As Lehigh football approaches the start of the season, a friendly competition has developed in the quarterback room. Both coaches and players agree that the competition is good for the team.
“It makes us focus on the day-to-day stuff and remember that tomorrow is not guaranteed,” said sophomore quarterback Nigel Summerville. “There are more factors now that can affect the team more than ever before.”
While Cross Wilkinson will get the start on Saturday, every quarterback must stay prepared in case they’re needed at any moment.
“Obviously we’re doing everything we can to make sure that no one gets sick, we have athletes getting tested three times a week,” said senior quarterback Addison Shoup. “But you never know what will happen. There’s this next man up mentality that keeps everyone playing their best.”
In the event that a player is pulled due to a COVID-19 exposure, the next player on the depth chart for their position would start.
The possibility that multiple quarterbacks could be out due to an exposure creates an environment where every quarterback on the roster must be prepared to start each week.
As a result, the players are holding their teammates to high standards, both in terms of health and responsibility and on-field excellence.
With this in mind, the team has made an effort to create a bubble in order to reduce the likelihood of a COVID-19 exposure.
In addition to the friendly competition amongst players, another aspect contributing to the morale of the team is their new big brother program.
Created to accommodate new freshman athletes who would otherwise be disconnected from the team due to the pandemic, each upperclassmen on the team has been given a younger player to mentor.
“It was the brainchild of (head) coach (Tom) Gilmore,” said offensive coordinator and quarterback coach Scott Brisson. “I thought it was a really good idea and the players embraced it. It’s good for older players to get to know the young guys and for new players to know that they aren’t alone here.”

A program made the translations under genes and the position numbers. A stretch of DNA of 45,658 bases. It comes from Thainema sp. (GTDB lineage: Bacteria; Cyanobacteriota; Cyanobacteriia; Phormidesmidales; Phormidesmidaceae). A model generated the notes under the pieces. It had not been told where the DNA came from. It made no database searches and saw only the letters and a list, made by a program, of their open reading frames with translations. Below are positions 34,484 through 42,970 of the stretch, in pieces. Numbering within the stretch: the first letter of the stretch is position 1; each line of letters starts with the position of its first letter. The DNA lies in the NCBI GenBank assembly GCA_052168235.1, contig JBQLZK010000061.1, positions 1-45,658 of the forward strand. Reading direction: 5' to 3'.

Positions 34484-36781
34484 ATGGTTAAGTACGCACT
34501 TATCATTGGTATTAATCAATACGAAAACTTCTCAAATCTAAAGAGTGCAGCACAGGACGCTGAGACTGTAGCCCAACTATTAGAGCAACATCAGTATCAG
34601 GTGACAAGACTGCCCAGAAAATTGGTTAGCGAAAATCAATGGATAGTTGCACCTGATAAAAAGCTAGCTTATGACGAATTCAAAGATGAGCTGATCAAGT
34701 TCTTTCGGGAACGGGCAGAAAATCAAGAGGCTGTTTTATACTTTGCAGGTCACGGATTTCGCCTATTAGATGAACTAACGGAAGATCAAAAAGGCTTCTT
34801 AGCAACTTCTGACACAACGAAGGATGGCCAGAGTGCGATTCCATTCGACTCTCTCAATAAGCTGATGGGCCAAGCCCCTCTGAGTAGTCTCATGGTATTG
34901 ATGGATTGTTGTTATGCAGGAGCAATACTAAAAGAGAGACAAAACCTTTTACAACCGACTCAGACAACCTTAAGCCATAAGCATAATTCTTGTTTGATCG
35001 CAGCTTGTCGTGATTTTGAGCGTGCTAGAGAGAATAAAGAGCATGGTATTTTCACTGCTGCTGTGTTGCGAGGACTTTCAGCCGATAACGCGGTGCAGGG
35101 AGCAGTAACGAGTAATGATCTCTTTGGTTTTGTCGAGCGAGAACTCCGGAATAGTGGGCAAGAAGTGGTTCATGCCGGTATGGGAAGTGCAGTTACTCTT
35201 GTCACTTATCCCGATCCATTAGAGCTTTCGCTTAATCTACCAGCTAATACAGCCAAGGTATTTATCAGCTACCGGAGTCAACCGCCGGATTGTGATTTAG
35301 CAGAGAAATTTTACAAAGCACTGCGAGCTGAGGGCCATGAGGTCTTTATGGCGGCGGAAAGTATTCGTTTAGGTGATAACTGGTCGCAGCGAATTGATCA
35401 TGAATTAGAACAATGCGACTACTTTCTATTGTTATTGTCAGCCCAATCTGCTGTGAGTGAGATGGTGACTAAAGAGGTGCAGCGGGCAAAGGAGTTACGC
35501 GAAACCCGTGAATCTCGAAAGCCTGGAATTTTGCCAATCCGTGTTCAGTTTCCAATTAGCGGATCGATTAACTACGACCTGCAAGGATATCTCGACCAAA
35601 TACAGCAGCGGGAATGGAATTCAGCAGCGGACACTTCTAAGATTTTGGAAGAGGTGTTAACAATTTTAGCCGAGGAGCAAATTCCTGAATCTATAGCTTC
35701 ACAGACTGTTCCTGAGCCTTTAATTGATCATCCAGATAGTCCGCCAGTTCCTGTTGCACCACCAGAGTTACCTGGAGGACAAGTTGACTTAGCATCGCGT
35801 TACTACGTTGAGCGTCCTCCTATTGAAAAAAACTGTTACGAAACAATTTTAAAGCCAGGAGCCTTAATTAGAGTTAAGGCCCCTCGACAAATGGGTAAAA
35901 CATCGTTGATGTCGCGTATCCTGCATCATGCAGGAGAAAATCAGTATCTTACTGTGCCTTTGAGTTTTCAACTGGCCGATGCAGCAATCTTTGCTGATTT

Players believe this back-and-forth communication has been a success, helping the team stay close despite many being physically separated.
Brisson said the digital avenue of communication did allow for detailed training methods that he is confident have raised the collective football IQ of the team.
“We have spent a lot of practice time learning in Zoom meetings,” Brisson said. “We’ve spent the time presenting more information and really diving into defense, our run game, and core schemes since we usually don’t have the time to convey all of that.”
More so than any other position on the field, Shoup said these Zoom practices have been the most beneficial for quarterbacks.
“(Quarterbacks) can really take advantage of all of the Zoom time,” Shoup said. “Half of the game is mental so understanding the ins and outs of other positions is very beneficial.”
Despite the circumstances, Shoup said if the team stays on track with what they’re supposed to do, they will be able to look back on the season with fondness.
Brisson said he is confident the most competitive, toughest candidate will be named the starting quarterback, and said the team will be in good shape with that player’s leadership.
As for the atmosphere when the team steps back onto the field for the first time in over a year on March 13, players are expecting energy unlike prior years.
“If you take something away from someone for so long, they’ll do anything to get it back,” Summerville said.